B.13.2.  Load Multiples, where the PC is in the register list

The processor includes a 4-entry return stack that can predict procedure returns. Any LDM to the PC that does not restore the SPSR to the CPSR, is predicted as a procedure return.

In all cases the base register, <Rn>, is a Very Early Reg.

Table B.18 shows the cycle timing behavior of Load Multiples, where the PC is in the register list.

Table B.18. Cycle timing behavior of Load Multiples, with PC in the register list (64-bit aligned)

Example instructionCyclesMemory cyclesResult latencyComments
LDMIA <Rn>,{...,pc}
m[a]n[b]2,…Correct return stack prediction
LDMIA <Rn>,{...,pc}
m[a] + 8n[b]2,…Incorrect return stack prediction
LDMIA <cond> <Rn>,{...,pc}
m[a]n[b]2,…Correct condition prediction and correct return stack prediction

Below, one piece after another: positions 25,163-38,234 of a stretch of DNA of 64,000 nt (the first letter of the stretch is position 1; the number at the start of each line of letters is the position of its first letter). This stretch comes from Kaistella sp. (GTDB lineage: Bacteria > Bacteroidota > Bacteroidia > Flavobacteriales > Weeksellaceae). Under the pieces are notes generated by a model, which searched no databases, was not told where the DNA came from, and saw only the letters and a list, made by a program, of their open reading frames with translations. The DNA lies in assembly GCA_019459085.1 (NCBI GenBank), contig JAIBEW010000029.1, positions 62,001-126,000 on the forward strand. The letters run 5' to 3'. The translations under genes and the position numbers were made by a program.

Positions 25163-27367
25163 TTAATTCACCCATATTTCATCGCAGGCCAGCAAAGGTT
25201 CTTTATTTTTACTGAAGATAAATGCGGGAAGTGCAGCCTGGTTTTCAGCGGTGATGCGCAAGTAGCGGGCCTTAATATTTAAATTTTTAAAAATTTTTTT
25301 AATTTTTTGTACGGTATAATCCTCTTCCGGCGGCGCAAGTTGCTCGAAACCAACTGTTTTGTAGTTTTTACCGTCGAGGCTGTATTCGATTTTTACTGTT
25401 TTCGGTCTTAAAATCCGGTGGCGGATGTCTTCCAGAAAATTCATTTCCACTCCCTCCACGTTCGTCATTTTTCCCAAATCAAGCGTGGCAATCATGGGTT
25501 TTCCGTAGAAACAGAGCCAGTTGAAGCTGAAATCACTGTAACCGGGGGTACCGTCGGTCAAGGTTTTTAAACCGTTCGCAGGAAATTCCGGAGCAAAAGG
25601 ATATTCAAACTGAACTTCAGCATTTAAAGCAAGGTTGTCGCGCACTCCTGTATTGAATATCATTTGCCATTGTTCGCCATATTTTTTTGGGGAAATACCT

LDMIA <cond> <Rn>,{...,pc}
m[a] + 7n[b]2,…Incorrect condition prediction
LDMIA <cond> <Rn>,{...,pc}
m[a] + 8n[b]2,…Correct condition prediction and incorrect return stack prediction

[a] Where m is the number of cycles for this instruction if the PC were treated as a normal register.

[b] Where n is the number of memory cycles for this instruction if the PC were treated as a normal register.


Note

The Cycle timing behavior that Table B.18 shows also covers PUSH and POP instructions that behave like store and load multiple instructions with base register writeback.

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